Notes in Parentheses Help Needed

Dorico Pro 4 User Here
I am making an arrangement for choir that will have a sudden modulation from D-flat to A Major. However, the choir will be singing a D-flat as it modulates. It is customary to notate it as a C-sharp after the key change to make it make sense, however, due to the level of the choir that will sing the arrangement, I need to indicate somehow that they will stay on the same note. I’ve seen Finale-user Colleagues put a D-flat in parentheses next to the C-sharp, which I know I can do that by notating a different voice and then make that note appear with parentheses around the note head.
The issue with that is the parentheses for some reason also surrounds the C# note in a different voice instead of the D-flat note. I have no idea how to make it only surround the D-flat note. I attached a picture to show what I mean.
I need help.
Screenshot 2024-02-13 at 03.03.11

A couple of alternative options (that might result in neater, more spaced music anyway) are:

  1. Input the Db at a later rhythmic position (e.g. a quarter note after the C#) or as a grace note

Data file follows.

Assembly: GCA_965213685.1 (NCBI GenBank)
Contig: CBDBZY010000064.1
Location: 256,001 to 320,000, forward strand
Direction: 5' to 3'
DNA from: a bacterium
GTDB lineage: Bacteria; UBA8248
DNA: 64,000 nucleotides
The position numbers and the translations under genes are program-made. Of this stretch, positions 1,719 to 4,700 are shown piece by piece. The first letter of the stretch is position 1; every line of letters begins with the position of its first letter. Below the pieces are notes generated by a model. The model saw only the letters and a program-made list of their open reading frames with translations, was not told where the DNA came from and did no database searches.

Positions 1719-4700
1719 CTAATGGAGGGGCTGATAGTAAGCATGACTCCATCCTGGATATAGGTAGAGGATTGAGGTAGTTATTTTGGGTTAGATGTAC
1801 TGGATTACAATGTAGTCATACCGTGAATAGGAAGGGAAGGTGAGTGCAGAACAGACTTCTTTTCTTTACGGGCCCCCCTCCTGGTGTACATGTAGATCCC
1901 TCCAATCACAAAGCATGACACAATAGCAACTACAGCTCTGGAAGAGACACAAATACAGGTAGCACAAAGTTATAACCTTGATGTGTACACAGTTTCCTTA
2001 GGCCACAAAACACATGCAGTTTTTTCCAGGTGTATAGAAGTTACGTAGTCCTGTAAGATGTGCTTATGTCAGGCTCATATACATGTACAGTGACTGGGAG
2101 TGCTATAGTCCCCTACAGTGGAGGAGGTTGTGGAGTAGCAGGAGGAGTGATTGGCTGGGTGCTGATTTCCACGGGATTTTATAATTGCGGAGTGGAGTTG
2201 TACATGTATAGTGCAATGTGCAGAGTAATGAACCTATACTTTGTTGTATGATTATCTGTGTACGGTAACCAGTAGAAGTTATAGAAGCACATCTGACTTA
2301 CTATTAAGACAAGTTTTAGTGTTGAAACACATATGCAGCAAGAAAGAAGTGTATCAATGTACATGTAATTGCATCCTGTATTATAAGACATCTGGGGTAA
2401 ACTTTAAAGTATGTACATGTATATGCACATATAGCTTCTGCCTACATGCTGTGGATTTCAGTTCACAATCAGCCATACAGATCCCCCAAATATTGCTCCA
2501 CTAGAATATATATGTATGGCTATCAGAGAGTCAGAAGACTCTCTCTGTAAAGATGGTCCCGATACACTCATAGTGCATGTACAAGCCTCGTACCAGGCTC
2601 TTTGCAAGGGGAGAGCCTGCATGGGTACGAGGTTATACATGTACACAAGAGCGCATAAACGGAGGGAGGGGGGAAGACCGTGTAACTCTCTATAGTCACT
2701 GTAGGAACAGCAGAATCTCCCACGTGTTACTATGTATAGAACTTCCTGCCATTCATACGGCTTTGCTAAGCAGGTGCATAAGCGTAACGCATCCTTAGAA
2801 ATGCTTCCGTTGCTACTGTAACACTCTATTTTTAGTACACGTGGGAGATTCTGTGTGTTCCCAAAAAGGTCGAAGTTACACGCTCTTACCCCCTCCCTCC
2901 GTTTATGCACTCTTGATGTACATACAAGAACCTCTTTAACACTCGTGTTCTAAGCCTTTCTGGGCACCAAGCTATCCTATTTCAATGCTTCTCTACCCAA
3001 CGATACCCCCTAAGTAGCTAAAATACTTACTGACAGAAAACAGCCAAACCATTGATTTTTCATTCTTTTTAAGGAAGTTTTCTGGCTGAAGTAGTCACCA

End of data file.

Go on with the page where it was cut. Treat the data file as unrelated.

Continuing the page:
2. Use a trill with a diminished 2nd interval, set to hide the trill mark, and use the auxiliary note appearance (excuse the strange image error on that page!). This produces a small, stemless, parenthesized notehead to the right of your C#.

trill_auxiliary_note_example

3 Likes

I always see this type of courtesy enharmonic before the key change, not after.

That’s probably why Lillie suggested the grace note (with hidden stem?) in her first possible solution.

But she didn’t mention putting the grace note before the barline.

To be honest, I can’t remember off the top of my head now which one I’ve seen more of – only that putting the alternative on the right disrupts horizontal spacing least (it’s an “easier fit”). Sometimes I might also just not know something or have limited time to write a response :slight_smile:

Time to remind myself of what Gould says:

Yes – Notice in all her examples, the small notehead – whether an equivalent of the previous pitch or the next pitch – is always between, i.e. before the note with the enharmonic change rather than after, providing the bridge. This is why I think the trill workaround (as you illustrated it, on the new note) is not a good solution.

In the OP’s case, I want to see the C♯ before the key change, before the barline, so it offers advance notice rather than a gotcha.

Now I realize perhaps we have understood the OP’s example differently. I assumed the D’s under the p marking are D♭s, otherwise why would they need a courtesy enharmonic at all?